Disappearance or Murder?
Lady in the Lake (1946) is a completely different type of film. It is based on a Phillip Marlowe story by Raymond Chandler, but is filmed from our main character, Private Detective Marlowe’s, point of view.
All the camera angles are at the actor/director’s, Robert Montgomery’s, eye level, you never see Marlowe (Montgomery) unless he looks in a mirror or window, and the camera only moves and looks at what he is looking at.
It is an interesting interpretation but it can also be extremely unnerving as all the other characters are looking at Marlowe, and therefore staring right at you.
However, while this style is interesting this does harm the film in other ways. We never see Robert Montgomery’s face, expressions, or get that kind of interaction with him as a character. Contrasting it to Humphrey Bogarts’ earlier depiction this one pales in comparison. In some ways it is like reading text messages or emails, you have to judge his emotions solely on his tone of voice and whether he is serious, being sarcastic, kidding, etc.
This is very different from the way films were done and in a lot of ways is similar to a video game, with you having the point of view of the main character.
The films starts off with private detective Phillip Marlowe trying to make some extra money (and keep from getting injured), by selling a story based on an old case to Kingsby Publications. They call him in, but they aren’t interested in publishing his work, instead Adrienne Fromsett (Audrey Totter), hires him to locate Chrystal Kingsby, the wife of her boss, Derace Kingsby. Fromsett is doing this without Derace’s knowledge as she wants proof his wife is cheating on him to encourage him to leave his wife and hopefully marry her.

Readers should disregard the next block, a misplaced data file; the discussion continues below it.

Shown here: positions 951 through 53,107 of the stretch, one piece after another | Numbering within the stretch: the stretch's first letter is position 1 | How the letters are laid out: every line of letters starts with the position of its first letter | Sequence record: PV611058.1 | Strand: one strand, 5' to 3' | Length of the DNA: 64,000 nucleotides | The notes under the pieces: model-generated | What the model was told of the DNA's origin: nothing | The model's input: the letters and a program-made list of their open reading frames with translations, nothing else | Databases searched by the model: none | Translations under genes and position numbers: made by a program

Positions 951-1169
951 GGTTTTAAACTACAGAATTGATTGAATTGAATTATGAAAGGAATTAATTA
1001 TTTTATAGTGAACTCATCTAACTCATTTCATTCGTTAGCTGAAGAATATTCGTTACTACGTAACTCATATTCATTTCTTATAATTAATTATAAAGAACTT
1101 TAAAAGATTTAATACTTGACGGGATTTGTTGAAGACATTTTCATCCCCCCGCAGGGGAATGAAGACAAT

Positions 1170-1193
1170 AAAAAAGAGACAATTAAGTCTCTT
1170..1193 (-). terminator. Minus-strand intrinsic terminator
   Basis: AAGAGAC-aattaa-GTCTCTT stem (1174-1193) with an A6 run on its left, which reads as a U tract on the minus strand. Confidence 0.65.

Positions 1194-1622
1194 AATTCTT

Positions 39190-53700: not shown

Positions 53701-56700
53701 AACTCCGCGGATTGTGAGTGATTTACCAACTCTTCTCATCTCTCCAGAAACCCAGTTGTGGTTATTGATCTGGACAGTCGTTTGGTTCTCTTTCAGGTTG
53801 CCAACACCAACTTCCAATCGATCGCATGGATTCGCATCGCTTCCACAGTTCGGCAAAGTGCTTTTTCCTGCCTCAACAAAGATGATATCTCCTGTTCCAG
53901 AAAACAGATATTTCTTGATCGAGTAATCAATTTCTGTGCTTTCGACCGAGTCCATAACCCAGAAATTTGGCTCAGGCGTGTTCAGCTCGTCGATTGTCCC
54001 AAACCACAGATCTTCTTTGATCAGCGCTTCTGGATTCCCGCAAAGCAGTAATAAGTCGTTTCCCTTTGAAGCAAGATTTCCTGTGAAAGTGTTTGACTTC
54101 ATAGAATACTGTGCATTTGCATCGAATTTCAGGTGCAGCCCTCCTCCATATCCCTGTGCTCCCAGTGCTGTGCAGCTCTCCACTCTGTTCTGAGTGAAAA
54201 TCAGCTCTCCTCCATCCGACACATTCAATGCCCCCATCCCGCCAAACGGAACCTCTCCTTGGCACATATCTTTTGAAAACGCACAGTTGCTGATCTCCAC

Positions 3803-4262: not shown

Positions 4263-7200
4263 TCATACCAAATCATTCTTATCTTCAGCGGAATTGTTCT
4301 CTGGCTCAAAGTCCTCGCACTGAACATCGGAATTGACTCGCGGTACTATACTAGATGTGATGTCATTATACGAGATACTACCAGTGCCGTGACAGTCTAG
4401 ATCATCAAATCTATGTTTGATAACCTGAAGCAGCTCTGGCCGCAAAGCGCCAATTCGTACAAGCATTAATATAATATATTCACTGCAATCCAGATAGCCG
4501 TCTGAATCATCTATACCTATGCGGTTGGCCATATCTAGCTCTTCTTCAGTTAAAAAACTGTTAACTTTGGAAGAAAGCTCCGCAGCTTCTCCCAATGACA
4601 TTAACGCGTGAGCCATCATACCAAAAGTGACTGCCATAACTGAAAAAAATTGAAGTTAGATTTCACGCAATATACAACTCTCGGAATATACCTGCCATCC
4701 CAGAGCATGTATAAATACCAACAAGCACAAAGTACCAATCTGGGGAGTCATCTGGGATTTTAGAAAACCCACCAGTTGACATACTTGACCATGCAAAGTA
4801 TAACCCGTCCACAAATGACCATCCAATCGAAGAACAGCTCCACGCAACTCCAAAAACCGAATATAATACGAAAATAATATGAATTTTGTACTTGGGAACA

Marlowe begins the case and of course, nothing about this case is as simple as it seems. He goes to see Chris Lavery (Dick Simmons), Chrystal’s boyfriend, and who she supposedly ran off with. When Marlowe does question him, Lavery gives suspicious slip of the tongue; he says Chrystal was a beautiful woman, later changing to is. What does he know? Marlowe tries to question him further but is sucker punched and knocked out.
I do like this scene when he is punched and then the whole screen goes woozy as he is reeling from that interaction.
Afterwards he wakes up in a police cell and trades a few barbs with the officers. He particularly does not like Captain Kane.
He and Adrienne end up falling for each other (of course as it is Marlowe, he always has to be with someone), but it is an interesting relationship. They start off hating each other and trading barbs, but then out of nowhere she falls for his “charm” and they end up together.
The twist at the end is really good. You think you have it all figured out and then are hit with the truth of what really happened. Definitely recommend as it is a very unique film.
For more film noir, go to Dark Times on the Ranch: Ramrod (1947)
For more mysteries, go to Mysteries & Meddling Kids: Austin & Ally (2015)